Much love. Much grace.

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“Give me your tired, your poor, Your huddled masses yearning to breathe free, The wretched refuse of your teeming shore. Send these, the homeless,tempest-tossed to me. I lift my lamp beside the golden door.”

-Statue of Liberty

Failure.

The first week of No Fear November was much harder than I expected. For some reason I thought that overcoming my fears and insecurities would be easy, but the whole reason why my fears and insecurities even exist is because they are hard to overcome.

These past couple of weeks I have been trying to tackle the biggest fear I have:

 Failure.

I have been wanting to try a yoga class in our local area for sometime now months, but I never could get the motivation to go.

I always thought I was just being lazy, since this class starts at 6 am and goes for a full hour. As the day drew near to go, I became anxious and began dreading my decision to go.

“What if I am not as good as everyone else there?”

“What if I can’t do even the basic moves?”

“What if I fall over or hurt myself?”

“What if I find out that I just can’t do yoga at all?”

So on the day of the class I woke up at 5:15 am… and promptly decided I would not be going to the yoga class.

Later that week, I began to realize that I was not being lazy, or just making excuses, I was genuinely scared of looking silly in front of others. During a class I had never taken. For an activity that I have been trying to do on my own for months, but know I need help with. 

This fear caused me to go a full week and a half without trying the yoga class. I couldn’t seem to get the courage to go.

I began thinking about what I was missing out on. The opportunity to hone or learn my skill, possible new friendships, and making the choice to be healthy by taking care of my body. I was missing out on all of these wonderful things, just for a few “What if’s” that honestly don’t matter.

So what if I am not as good as everyone else? I am just beginning the class and it has been happening for about a month and a half.

So what if I can’t do the basic moves? If I can’t do the basic ones, then I have been learning the wrong way to do them and need to learn the right way so I don’t injure myself.

Really? Falling over? Come on girl.

If I find out I am actually not good at yoga, then that frees up my time to find a different health activity that I can do.

While these were all valid questions in my head, asking them out loud and then actually answering them gave me the power to overcome, at the very least, these questions. 

By not even trying the yoga class, I had already failed. I did yoga at home that morning when I skipped the class, but was still unsure of certain poses and it was only for a quick 10 minutes, like every morning. By skipping the class, I was missing so much and causing myself to fail. I was creating my own cycle of fear.

I was missing so much and causing myself to fail. I was creating my own cycle of fear.

The first week of November went by, and I had yet to try a yoga class; until I found a studio in my area that had a community class during the evening. I chose this class because there was no longer the excuse of needing sleep or being in a rush. I could go at 7pm and enjoy the class; without excuse.

So this past Tuesday I went to the class! Can I just say that it was the best decision ever? Because it was definitely wonderful.

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Everyone was so kind and excited to be there doing yoga. Since this class was a “Community Class” there were people who were of all levels and ages, even some who had never even attempted yoga before.

I was able to get the help I needed for certain poses, have a focused yoga practice for a full hour (instead of a mild practice at home), and I met different people who I would love to know better.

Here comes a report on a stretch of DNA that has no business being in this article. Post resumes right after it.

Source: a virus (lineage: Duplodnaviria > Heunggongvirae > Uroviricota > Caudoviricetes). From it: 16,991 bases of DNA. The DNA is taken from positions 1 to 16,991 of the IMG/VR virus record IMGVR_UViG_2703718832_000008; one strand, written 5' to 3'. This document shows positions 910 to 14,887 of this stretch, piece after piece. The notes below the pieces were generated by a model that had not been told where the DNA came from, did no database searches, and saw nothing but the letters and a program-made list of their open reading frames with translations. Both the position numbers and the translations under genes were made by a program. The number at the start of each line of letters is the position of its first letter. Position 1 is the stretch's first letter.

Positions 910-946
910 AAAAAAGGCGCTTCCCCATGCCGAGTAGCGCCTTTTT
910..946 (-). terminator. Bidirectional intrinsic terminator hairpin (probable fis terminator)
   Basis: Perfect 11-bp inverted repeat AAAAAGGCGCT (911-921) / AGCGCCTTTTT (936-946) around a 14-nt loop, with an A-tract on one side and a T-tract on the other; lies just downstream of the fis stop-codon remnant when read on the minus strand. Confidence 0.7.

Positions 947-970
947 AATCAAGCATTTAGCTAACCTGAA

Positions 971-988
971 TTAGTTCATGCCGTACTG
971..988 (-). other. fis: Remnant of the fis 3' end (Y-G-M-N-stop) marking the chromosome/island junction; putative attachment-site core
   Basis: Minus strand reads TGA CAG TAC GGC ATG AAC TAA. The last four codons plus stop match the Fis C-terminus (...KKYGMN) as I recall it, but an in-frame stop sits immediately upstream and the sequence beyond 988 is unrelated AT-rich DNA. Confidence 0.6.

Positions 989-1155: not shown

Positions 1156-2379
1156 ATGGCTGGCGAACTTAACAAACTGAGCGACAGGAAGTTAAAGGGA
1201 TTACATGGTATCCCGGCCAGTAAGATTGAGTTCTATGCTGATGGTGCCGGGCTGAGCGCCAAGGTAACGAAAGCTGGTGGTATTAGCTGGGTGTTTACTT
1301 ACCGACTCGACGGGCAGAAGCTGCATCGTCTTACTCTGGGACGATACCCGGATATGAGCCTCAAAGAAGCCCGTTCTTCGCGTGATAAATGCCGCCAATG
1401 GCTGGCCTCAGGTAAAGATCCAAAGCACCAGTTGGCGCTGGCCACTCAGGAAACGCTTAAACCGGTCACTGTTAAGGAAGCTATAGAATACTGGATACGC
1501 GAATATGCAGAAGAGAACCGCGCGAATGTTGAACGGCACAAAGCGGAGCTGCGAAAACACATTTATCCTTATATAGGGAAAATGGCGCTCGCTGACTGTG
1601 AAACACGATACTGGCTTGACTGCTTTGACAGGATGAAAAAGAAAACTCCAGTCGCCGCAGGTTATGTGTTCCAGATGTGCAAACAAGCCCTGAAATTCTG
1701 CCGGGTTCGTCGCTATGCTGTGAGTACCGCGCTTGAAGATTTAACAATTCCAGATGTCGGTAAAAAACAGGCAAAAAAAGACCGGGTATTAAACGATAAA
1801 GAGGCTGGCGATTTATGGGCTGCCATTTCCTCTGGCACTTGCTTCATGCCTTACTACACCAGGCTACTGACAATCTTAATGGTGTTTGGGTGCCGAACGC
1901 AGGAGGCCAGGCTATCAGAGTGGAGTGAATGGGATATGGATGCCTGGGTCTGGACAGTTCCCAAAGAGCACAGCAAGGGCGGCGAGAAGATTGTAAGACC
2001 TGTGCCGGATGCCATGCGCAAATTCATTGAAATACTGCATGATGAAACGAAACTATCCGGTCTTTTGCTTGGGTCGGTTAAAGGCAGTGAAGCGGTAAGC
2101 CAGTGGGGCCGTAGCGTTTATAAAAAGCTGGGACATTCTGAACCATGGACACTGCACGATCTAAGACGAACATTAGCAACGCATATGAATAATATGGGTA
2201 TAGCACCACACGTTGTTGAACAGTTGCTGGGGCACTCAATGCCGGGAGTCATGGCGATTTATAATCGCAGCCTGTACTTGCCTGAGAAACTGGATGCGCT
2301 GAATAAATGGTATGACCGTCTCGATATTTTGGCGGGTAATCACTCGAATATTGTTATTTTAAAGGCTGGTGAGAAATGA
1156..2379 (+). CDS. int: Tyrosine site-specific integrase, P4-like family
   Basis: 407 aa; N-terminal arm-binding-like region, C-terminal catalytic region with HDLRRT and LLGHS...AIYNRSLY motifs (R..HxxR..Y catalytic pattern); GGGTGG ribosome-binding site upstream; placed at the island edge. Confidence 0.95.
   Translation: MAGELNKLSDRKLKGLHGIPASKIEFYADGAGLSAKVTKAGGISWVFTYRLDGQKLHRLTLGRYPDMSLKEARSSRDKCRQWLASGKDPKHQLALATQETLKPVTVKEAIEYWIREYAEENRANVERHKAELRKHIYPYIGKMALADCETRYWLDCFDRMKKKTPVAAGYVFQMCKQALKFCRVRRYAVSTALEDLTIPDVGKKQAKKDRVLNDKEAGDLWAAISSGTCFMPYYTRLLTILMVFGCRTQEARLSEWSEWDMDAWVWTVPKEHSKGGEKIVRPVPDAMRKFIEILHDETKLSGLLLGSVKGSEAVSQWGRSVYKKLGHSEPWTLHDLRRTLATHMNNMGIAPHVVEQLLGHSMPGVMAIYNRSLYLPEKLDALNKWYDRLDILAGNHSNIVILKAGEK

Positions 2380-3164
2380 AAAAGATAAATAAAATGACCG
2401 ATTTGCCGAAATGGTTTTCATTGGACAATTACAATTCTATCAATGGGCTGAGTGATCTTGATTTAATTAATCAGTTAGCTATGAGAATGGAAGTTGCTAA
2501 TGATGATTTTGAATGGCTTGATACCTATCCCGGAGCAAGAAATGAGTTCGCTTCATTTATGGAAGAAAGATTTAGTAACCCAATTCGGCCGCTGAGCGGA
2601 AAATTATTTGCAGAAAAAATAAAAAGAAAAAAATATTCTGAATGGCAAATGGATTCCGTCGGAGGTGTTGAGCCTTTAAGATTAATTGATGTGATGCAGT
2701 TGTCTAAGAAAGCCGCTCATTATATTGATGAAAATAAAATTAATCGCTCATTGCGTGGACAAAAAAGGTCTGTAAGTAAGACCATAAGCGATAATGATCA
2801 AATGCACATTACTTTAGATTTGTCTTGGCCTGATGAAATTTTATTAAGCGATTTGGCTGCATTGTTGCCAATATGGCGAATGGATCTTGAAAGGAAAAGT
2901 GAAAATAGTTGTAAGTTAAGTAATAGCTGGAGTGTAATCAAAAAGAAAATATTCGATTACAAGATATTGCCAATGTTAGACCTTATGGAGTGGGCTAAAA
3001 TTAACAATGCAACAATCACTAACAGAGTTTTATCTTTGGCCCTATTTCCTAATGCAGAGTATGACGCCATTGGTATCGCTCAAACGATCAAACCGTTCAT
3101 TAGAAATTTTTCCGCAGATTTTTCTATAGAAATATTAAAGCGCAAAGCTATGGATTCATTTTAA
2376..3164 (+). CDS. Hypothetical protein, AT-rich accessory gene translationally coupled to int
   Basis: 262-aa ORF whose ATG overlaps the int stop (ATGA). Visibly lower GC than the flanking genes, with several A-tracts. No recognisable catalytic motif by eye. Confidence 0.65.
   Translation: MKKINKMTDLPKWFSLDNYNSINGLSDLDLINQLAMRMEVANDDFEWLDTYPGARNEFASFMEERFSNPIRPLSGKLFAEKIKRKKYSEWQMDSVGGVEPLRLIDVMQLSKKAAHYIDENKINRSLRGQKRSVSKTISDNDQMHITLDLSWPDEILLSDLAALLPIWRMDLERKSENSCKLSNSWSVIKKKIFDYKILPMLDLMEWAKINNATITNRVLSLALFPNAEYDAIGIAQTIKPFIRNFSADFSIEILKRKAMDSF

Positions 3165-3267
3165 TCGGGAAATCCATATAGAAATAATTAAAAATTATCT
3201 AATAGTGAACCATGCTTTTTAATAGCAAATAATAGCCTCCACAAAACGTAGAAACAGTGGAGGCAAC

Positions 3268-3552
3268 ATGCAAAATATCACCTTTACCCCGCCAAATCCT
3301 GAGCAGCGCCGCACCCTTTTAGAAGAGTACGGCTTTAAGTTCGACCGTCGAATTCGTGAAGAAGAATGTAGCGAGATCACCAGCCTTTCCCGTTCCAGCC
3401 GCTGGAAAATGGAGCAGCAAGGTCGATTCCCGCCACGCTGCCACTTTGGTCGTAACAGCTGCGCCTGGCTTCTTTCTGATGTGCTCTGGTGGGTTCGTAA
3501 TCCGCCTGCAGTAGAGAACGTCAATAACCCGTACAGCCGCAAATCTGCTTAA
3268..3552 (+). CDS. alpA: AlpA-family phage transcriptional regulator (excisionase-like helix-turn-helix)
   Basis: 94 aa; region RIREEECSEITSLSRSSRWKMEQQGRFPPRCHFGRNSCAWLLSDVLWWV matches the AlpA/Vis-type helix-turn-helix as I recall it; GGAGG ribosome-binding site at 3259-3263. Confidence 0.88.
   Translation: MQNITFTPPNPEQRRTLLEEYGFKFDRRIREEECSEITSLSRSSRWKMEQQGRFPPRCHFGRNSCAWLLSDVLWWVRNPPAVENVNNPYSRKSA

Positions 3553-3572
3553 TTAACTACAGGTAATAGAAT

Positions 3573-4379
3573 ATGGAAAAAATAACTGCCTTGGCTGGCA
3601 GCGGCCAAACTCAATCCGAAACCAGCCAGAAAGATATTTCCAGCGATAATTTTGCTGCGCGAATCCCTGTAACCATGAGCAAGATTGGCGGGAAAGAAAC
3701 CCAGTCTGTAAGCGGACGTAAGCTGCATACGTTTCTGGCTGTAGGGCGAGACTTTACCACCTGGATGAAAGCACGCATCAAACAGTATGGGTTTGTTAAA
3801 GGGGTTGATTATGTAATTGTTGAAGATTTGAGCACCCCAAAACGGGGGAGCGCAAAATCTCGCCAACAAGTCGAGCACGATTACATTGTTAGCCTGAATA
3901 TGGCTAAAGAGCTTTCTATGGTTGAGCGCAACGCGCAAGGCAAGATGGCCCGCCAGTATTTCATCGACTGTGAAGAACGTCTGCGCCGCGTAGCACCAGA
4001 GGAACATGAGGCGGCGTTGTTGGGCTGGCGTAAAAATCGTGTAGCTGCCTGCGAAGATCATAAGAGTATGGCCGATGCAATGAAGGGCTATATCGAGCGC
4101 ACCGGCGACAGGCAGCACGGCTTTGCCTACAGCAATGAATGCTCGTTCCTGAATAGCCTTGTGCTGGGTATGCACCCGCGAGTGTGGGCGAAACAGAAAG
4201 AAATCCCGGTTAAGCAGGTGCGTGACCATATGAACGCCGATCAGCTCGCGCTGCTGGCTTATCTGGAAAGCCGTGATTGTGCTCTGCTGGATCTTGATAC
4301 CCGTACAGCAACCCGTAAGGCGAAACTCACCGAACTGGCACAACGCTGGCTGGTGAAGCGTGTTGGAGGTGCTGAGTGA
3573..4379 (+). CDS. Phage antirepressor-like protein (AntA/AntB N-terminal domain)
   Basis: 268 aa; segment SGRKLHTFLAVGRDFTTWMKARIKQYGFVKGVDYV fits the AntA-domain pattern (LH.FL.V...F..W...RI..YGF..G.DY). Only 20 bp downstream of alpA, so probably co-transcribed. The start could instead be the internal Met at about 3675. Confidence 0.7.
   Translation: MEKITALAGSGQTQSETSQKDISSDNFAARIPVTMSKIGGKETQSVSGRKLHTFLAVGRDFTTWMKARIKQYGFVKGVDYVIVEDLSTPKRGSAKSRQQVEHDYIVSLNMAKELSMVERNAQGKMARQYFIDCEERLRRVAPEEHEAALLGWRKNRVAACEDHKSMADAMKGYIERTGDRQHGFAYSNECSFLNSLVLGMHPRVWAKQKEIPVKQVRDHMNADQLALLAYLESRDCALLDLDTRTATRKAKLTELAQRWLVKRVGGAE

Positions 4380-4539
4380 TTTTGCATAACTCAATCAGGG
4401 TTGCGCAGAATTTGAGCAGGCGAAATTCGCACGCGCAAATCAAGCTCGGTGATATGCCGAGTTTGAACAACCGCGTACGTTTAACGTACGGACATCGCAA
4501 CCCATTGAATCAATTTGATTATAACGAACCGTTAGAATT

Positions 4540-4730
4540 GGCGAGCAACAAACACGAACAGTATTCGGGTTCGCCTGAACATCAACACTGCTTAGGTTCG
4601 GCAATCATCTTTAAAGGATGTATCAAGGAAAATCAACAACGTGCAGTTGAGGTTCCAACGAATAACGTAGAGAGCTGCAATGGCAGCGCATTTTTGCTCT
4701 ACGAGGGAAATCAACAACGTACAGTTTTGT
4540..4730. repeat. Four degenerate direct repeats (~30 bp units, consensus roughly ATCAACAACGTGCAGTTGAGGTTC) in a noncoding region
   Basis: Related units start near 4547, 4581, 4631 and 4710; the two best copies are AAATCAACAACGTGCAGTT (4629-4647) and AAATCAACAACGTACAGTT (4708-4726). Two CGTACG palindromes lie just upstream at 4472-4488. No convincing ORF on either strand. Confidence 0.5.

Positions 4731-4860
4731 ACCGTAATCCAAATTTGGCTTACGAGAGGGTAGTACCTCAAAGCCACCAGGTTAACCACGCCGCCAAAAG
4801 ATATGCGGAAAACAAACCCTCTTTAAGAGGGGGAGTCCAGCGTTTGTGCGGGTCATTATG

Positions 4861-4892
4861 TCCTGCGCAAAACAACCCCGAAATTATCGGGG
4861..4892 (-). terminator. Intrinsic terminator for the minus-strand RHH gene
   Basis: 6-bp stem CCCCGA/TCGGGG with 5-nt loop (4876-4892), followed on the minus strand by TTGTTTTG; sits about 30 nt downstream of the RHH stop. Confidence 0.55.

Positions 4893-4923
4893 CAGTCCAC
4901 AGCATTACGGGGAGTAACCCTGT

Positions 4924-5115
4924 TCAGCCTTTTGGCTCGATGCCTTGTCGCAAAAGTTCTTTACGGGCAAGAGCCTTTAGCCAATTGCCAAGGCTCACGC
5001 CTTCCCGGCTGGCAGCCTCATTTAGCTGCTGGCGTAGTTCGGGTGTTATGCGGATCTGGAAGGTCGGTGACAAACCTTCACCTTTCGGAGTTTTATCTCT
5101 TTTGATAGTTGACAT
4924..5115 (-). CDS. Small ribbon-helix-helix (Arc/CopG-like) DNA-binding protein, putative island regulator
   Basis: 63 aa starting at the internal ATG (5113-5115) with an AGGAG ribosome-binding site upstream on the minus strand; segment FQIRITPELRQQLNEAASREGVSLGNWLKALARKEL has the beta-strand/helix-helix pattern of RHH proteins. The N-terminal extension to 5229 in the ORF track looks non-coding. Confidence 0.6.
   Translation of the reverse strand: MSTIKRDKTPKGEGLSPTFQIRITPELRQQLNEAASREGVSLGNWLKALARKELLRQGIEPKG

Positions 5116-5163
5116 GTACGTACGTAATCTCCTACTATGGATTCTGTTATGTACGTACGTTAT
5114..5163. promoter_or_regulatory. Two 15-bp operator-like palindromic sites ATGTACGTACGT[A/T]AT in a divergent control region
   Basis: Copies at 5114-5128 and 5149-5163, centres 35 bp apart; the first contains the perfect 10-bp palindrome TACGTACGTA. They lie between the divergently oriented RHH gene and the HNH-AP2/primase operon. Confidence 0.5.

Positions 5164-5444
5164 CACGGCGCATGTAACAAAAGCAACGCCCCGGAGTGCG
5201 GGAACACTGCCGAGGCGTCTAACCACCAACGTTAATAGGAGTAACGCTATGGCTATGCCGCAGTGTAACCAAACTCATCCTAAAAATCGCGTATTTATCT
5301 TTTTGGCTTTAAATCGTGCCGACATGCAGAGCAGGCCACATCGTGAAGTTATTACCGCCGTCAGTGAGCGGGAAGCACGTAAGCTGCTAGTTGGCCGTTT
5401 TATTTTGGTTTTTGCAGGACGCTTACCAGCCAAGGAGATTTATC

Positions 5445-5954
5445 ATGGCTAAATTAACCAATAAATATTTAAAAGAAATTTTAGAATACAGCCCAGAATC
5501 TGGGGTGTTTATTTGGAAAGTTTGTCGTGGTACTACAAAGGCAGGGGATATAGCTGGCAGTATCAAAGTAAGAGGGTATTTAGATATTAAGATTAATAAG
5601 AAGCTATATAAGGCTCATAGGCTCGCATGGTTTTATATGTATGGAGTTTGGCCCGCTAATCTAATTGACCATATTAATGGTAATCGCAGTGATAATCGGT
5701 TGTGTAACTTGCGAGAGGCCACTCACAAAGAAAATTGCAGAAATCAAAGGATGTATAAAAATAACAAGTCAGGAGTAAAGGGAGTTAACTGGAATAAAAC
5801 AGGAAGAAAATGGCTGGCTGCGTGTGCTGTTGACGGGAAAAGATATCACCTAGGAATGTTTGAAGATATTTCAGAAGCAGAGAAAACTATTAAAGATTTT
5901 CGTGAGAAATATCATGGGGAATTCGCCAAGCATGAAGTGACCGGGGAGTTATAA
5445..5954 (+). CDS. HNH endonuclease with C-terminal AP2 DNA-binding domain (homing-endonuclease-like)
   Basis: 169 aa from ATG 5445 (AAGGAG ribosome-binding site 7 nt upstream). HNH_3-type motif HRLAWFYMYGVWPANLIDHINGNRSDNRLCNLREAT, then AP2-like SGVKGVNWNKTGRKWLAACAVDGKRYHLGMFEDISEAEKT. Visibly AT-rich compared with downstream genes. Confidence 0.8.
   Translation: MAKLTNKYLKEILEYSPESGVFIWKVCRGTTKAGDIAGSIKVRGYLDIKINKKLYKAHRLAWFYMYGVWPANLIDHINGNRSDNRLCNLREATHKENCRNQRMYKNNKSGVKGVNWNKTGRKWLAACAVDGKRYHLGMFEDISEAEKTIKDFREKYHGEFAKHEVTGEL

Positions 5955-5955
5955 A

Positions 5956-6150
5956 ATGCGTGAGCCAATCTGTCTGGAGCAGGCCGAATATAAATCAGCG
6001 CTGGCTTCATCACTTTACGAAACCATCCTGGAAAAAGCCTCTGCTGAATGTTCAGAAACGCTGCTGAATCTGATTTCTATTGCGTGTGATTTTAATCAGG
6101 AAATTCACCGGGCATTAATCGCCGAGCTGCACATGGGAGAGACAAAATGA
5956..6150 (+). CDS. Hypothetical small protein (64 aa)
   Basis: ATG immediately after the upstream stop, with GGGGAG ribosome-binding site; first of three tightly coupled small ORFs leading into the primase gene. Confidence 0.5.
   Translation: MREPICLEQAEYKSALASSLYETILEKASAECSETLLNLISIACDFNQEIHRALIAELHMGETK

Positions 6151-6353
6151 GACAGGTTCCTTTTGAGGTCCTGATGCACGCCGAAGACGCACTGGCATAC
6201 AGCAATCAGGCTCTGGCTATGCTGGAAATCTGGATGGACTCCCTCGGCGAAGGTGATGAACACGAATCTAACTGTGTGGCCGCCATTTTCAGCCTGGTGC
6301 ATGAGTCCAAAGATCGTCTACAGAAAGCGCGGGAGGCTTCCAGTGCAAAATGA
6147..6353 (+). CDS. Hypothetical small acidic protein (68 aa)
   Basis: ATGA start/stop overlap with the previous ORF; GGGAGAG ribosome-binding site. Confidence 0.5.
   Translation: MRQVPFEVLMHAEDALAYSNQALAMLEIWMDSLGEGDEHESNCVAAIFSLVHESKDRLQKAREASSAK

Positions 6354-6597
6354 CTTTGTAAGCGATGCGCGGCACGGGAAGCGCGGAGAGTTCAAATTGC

Each one of my worries that built this fear was utterly debunked. I now know that I enjoyed yoga in a studio and can’t wait to go again. Not only that, but I conquered my fear. I tried every pose, even if I had never attempted it before, and did the best that I could. Even with the risk of failure, I still participated in the full class; and had such fun in doing so.

I am so proud of myself for doing this! Little baby steps are leading me down a path with less fear and worries. By turning over these little things to God and allowing change to overcome these fears, it makes the bigger things seem less intimidating.

Are there any fears you are overcoming this month? How are you accomplishing your goal?

Much love. Much grace.

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Rejection I.

The fear of the first week during #NoFearNovember15 is one that I struggle with greatly.

Rejection.

This is a “fear” of mine that is based on insecurities in myself and how I think others view me, and I am ready to take that fear down. In fact, I struggle with this so much, that my intended post for this week is moved back to be a few days later all because I am somewhat scared of being rejected.

Maybe you have had that feeling. That tiny little gut feeling that you shouldn’t do or say something because people might think of you in a negative way. Maybe you are afraid of not coming across as sincere or having a weird sense of humor or just being misunderstood. If so, you definitely aren’t alone. Manypeople feel these things; especially in our American culture. I am one of the many people who have allowed the fear of rejection to climb into my life; and at times allowed it prevent me from doing things I want to do.

the dismissing or refusing of a proposal, idea, etc

In order to reduce my sensitivity to rejection, I am participating in a weekly challenge.

About 2 times each week I am subjecting myself to different forms of rejection. This can be anything from simply asking for a free refill on a Starbucks order to asking for money from a stranger.

This project was actually the brain-child of a man named Jia Jang. (You can view his finished project on his website.) He created the rejection project, but he did it everyday for 100 days.

As I complete various acts of placing myself ready to accept rejection, I will write a post to share with you. I may not share each one, due to time constraints and the Holidays approaching, but I will share what I can.

Wish me luck and bravery as I go through this month of having no fear!

Much love. Much grace.